Calls for HS2 rail line to extend

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Local councillors and MPs are calling on the Government’s recently-announced high-speed rail line to be extended to include Liverpool on its route.

The Government proposed a new 120-mile high-speed rail connection between London and Birmingham. The ‘High Speed 2’ (HS2) will cut journey times significantly, with a planned second phase of the network extending to Manchester and Leeds in the north of England.

However, a number of councillors and MPs from Merseyside want the estimated £30 billion infrastructure project to be expanded to link up with Liverpool.

Wirral West MP Esther McVey said on her website: “If we want to grow our economy and close the north south-gap then a strong, fast, reliable transport network is vital.”

The Conservative MP has cross-party support , with Labour city councillor Paul Brant telling JMU Journalism: “HS2 is vital for the regeneration and connectivity for Liverpool. I only hope the Government ensure that the city is connected to the line.”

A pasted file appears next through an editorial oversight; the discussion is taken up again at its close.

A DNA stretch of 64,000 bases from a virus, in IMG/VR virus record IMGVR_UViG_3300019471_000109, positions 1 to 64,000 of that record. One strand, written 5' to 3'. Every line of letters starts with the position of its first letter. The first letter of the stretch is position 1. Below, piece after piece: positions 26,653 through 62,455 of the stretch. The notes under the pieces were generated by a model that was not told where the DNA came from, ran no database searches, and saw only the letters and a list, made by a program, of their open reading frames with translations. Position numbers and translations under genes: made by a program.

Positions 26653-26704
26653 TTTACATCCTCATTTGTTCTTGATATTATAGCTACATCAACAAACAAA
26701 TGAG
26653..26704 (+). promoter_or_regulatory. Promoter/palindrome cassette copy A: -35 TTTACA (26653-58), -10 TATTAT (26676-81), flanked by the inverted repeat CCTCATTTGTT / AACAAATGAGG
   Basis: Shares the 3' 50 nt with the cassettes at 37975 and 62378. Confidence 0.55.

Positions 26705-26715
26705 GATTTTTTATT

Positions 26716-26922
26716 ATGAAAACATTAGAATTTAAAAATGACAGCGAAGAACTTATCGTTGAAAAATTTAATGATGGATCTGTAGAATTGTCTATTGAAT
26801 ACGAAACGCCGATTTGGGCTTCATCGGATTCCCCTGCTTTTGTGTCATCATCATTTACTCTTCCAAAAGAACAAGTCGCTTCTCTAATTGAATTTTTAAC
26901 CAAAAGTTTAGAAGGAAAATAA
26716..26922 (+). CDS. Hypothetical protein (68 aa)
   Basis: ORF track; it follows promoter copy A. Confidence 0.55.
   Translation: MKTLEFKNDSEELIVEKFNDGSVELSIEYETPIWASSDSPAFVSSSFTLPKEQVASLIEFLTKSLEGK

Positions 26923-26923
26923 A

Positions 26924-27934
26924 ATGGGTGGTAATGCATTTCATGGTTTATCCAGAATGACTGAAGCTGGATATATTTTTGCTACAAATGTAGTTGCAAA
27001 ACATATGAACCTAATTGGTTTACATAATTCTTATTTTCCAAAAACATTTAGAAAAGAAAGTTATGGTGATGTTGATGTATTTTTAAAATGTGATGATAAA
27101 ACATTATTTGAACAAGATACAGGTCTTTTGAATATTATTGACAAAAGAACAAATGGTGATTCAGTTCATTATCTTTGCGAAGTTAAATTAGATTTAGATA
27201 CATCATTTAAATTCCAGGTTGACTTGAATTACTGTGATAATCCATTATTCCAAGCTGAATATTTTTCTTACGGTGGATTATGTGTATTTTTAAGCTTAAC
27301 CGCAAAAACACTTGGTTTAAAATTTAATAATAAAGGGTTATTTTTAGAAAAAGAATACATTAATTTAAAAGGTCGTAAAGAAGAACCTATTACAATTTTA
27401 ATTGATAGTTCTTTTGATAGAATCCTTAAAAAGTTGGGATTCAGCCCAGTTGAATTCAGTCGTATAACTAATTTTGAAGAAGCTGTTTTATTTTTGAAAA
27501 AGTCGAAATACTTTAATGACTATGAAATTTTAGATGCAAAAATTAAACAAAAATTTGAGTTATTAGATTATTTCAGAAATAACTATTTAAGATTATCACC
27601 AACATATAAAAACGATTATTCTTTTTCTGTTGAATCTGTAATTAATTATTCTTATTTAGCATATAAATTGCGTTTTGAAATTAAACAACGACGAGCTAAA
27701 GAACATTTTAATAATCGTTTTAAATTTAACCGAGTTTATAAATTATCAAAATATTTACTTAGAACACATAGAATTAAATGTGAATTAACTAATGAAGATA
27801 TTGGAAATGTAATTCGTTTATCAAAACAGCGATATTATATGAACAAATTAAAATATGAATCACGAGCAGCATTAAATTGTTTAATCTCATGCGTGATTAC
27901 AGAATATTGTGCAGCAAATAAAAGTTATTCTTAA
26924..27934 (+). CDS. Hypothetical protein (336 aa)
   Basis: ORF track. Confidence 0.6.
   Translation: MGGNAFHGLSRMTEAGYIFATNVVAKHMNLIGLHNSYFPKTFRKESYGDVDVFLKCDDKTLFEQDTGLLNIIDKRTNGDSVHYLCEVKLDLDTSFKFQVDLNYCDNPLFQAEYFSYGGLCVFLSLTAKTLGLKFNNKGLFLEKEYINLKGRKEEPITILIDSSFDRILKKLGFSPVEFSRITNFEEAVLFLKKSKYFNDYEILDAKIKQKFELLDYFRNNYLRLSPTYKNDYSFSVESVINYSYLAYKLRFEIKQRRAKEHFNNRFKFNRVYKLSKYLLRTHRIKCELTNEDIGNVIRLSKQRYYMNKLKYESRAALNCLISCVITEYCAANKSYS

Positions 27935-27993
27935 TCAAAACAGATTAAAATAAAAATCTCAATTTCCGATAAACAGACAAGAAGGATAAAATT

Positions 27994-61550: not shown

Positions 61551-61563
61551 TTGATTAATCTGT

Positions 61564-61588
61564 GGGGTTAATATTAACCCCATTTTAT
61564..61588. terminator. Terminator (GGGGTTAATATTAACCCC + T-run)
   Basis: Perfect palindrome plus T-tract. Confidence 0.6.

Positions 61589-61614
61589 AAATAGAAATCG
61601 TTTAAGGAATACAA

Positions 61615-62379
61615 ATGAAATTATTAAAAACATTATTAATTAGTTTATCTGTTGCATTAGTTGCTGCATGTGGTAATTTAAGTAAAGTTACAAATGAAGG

Liberal Democrat Councillor Paula Keaveney echoed that sentiment, as she told JMU Journalism: “Liverpool Liberal Democrats fully support the suggestion that HS2 should go to Liverpool.”

The first phase of the route between London and Birmingham has already been approved, and should be running by 2026. It is expected to cut the journey time from London to Birmingham from 84 minutes to 49 minutes. The second phase consultation will begin in early 2014, and the route is expected to be ready by 2033 on the current plans, but currently that is without Liverpool being on the route.

There is some opposition to the idea from the Liverpool Green Party, who don’t support HS2 in the first place for environmental reasons.

Green Councillor John Coyne told JMU Journalism: “HS2 is bad for Liverpool as it cements the relative advantage of Manchester over Liverpool as the better North West location for any business that thinks it will need faster links to London. Even if a Liverpool spur could be created, Liverpool would still be less well served than Manchester on the main line.”

About James Routledge, JMU Journalism